"We've tried to develop partnerships capable of bringing new programs and opportunities to residents of our service region," said Dr. Bounds.
Groce credited much of this growth to Dr. Bounds' emphasis on long-range planning.
"Dr. Bounds made thoughtful, long-range planning an integral part of the college culture," said Groce. "He was instrumental in the push to develop the college's first strategic plan in 1998, and the second strategic plan in 2003. Those plans, along with the 10-year master plan the college put into place in 1998, provided the blueprint for the achievements of the past decade."
"I've always believed sustained institutional success is no accident," said Dr. Bounds. "That type of success only results from a strong vision supported by thorough, detailed planning and coupled with mindful employment of college resources to reach your goals."
The Chesapeake College Foundation has greatly expanded its fundraising efforts during Dr. Bounds' presidency, including raising more than $2 million in private funds to add a mezzanine level to the Todd Performing Arts Center and greatly expanding foundation fund-raising for academic scholarships.
"We have an outstanding foundation board, which has worked energetically to raise much-needed private funds for important college projects," said Dr. Bounds. "I'm really indebted to the foundation for all it has done for our students and our region."
While serving as Chesapeake's president, Dr. Bounds also took on statewide and regional higher education leadership roles. He served two terms as president of the Maryland Community Colleges Chief Executive Officers, regularly chaired accreditation teams on behalf of the Middle States Commission on Higher Education, and served on numerous commissions and task forces at the state level.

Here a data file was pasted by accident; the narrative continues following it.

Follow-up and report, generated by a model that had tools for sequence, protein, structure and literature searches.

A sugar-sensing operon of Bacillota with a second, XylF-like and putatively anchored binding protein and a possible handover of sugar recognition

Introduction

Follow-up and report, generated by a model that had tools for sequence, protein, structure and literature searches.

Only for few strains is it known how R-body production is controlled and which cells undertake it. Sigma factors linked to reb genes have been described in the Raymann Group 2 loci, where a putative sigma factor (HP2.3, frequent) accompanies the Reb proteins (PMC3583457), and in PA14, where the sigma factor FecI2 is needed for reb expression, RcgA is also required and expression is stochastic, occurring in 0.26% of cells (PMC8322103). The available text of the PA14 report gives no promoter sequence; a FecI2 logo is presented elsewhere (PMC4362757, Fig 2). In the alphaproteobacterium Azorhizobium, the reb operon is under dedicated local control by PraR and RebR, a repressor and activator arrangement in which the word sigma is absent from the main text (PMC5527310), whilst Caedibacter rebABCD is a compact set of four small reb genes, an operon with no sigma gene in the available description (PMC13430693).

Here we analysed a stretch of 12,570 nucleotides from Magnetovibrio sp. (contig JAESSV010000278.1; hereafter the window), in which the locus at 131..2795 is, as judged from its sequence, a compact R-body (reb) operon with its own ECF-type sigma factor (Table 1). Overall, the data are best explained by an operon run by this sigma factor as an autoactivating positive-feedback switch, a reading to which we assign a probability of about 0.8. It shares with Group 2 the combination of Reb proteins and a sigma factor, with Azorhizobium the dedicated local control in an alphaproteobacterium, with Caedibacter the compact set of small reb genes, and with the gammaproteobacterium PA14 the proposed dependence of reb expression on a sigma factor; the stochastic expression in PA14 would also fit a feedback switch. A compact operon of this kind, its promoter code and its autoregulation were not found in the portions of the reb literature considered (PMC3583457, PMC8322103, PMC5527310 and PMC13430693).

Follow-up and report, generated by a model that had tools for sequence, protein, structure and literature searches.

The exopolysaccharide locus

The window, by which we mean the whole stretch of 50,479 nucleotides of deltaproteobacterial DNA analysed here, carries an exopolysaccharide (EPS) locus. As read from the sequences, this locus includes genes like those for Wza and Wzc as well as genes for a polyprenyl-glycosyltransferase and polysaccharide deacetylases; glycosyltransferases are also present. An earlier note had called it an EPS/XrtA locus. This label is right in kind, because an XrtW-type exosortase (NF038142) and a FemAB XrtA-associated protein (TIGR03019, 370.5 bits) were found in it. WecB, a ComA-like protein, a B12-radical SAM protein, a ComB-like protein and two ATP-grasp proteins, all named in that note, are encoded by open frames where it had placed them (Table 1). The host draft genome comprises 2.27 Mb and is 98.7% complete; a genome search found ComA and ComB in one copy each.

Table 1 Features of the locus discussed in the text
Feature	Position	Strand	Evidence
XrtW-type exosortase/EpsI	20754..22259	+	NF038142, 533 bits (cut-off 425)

"Dr. Bounds' contributions have extended far beyond Chesapeake College," said Dr. Clay Whitlow, executive director of the Maryland Association of Community Colleges. "He played a critical role in fostering better coordination and communication among our state community colleges during his tenure as president of the CEOs, and helped achieve a greater voice for our community colleges at the statewide level."
Dr. Bounds holds a Bachelor of Arts degree in Government and Politics and a Master of Arts degree in Government and Public Administration, both awarded by the University of Maryland. He earned a Doctorate of Education from the College of William and Mary.
Dr. Bounds, a Somerset County native who began his higher education career in the Virginia Community College System, joined Chesapeake College in 1984 as academic and administrative vice president. He was later promoted to executive vice president, and became the college's fourth president when he succeeded Dr. John R. Kotula on July 1, 1997.
Among his many community activities, Dr. Bounds serves on the Shore Health System Board of Directors, the Talbot County Economic Development Commission, the Board of Governors of the Chesapeake Bay Maritime Museum, and is also active in the Rotary Club of Easton. He is a member of the Leadership Maryland Class of 1997.
Dr. Bounds lives in Easton with his wife, Gail, a former professor of English at Chesapeake College who continues to teach at the college in a part-time capacity. They have two adult children - a son, Randall, and a daughter, Joanna.
Dr. Bounds said he is just beginning to consider what activities he might like to pursue after leaving Chesapeake, but ruled out seeking another college presidency.
"I'm not leaving Chesapeake to obtain another presidency," said Dr. Bounds. "This was the only presidency I ever wanted."
If there is inaccurate information on this page,
please send correction or comments to: Marcie Molloy